A Literary Land

Bateman's, the home of the writer Rudyard Kipling
Bateman's, the home of the writer Rudyard Kipling. Credit: ©National Trust Images/Andrew Butler

Famous for the rural retreats of the influential Bloomsbury Group, idyllic East Sussex has inspired some of the country’s leading writers

With chalk cliffs and patchwork fields, medieval woodland and picturesque villages, East Sussex offers plenty of inspiration to the artistically-minded. It’s no surprise, then, that this little corner of southeast England has attracted some of the country’s leading writers, most notoriously the Bloomsbury Group, a bohemian set of writers, artists and philosophers drawn here in the first half of the 20th century.

The Bloomsbury connection dates back to 1910 when Virginia Stephen (soon to be Mrs Woolf) rented a house in Firle to escape the pressures of London life. Soon after, she moved to another house two miles away, taking the lease with her artist sister, Vanessa Bell.

Virginia Woolf's writing desk in the Writing Lodge at Monk's House
Virginia Woolf’s writing desk in the Writing Lodge at Monk’s House. Credit: National Trust Images

The restless author took other Sussex houses, all in the same area, until in 1919 Virginia and her now husband, Leonard Woolf, bought Monk’s House in Rodmell. This small house with its big garden became a rural retreat for London’s Bloomsbury Group, hosting high-profile visitors like the poet TS Eliot, the novelist EM Forster, the art critic Roger Fry and the historian Lytton Strachey.

Meanwhile Vanessa and her lover, the painter Duncan Grant, bought Charleston Farmhouse, only seven miles from Virginia and Leonard. The Bloomsbury set – its literary and artistic wings – had found their country locus, either side of the River Ouse. This connection between London’s Bloomsbury Square and East Sussex survived Virginia’s suicide in 1941 and continued up until 1961 when Vanessa died and was buried in Firle parish churchyard, next to Duncan Grant.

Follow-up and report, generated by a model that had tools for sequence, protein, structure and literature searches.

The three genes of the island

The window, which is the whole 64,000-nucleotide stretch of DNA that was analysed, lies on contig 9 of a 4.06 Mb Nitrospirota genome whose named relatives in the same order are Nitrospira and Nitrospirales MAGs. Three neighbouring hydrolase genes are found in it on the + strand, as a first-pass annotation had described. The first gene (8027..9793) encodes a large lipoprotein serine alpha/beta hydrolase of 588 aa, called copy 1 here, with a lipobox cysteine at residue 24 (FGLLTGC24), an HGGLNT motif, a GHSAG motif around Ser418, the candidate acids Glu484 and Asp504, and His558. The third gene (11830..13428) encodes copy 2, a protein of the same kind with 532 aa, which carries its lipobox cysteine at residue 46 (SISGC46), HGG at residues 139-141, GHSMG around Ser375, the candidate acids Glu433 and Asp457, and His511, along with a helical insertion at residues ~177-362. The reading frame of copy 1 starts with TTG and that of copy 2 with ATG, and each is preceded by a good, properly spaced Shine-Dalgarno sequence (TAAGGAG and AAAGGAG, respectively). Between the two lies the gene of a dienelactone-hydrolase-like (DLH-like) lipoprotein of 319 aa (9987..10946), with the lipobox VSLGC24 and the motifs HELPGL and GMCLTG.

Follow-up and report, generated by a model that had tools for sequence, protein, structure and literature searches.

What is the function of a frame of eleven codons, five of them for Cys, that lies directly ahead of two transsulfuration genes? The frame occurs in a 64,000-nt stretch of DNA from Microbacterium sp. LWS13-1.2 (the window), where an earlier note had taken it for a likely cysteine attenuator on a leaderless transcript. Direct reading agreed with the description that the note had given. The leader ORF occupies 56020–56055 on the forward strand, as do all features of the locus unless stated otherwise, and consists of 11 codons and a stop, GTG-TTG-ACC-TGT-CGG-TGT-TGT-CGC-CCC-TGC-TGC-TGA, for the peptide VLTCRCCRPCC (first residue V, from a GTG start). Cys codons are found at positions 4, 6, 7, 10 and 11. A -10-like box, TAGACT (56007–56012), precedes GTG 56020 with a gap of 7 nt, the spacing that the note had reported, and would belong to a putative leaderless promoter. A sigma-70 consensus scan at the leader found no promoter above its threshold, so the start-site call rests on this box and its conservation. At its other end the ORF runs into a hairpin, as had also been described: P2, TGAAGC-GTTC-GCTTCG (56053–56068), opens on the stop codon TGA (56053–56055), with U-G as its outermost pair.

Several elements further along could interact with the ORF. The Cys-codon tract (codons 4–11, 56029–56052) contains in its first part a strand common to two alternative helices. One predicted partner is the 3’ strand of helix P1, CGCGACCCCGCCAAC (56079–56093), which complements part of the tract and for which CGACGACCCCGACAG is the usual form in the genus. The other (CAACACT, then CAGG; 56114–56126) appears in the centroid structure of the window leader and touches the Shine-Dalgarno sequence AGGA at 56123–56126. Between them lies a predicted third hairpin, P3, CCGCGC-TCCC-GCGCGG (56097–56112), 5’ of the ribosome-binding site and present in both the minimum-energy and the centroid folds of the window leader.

Duncan Grant's studio, Charleston
Duncan Grant’s studio, Charleston. Credit: Tony Tree

Monk’s House is an old white clapboard building at the bottom of a narrow lane. When Virginia and Leonard moved in, it was semi-derelict. They removed walls, painted and decorated, and installed two lavatories, both allegedly named after Vita Sackville-West (an odd tribute to one’s lover). “This will be our address for ever and ever,” Virginia declared happily.

Ten years later, after the success of Virginia’s novel Mrs Dalloway, the couple added a writing lodge in the garden. Here today are displayed the editions of the Arden Shakespeare that Virginia covered with marbled paper while trying to distract herself from the crippling headaches she suffered from. Her spidery handwriting can still be read on each spine.

After the understated decorative calm of Monk’s House, Charleston Farmhouse is an explosion of colour. Inspired by Italian frescoes and the Post-Impressionists, Vanessa and Duncan painted over everything in the house: the walls, the doors, the fireplaces and the furniture.

The garden at Charleston
The garden at Charleston. Credit: Charleston

Of the artistic ménage that consisted of Vanessa and her husband Clive Bell – an occasional visitor – Vanessa’s lover Duncan Grant and Duncan’s lover David Garnett, Vanessa wrote, “It will be an odd life, but … it ought to be a good one for painting.”

Words: Adrian Mourby

For the full article, see Vol 86 Issue 6 of BRITAIN magazine on sale here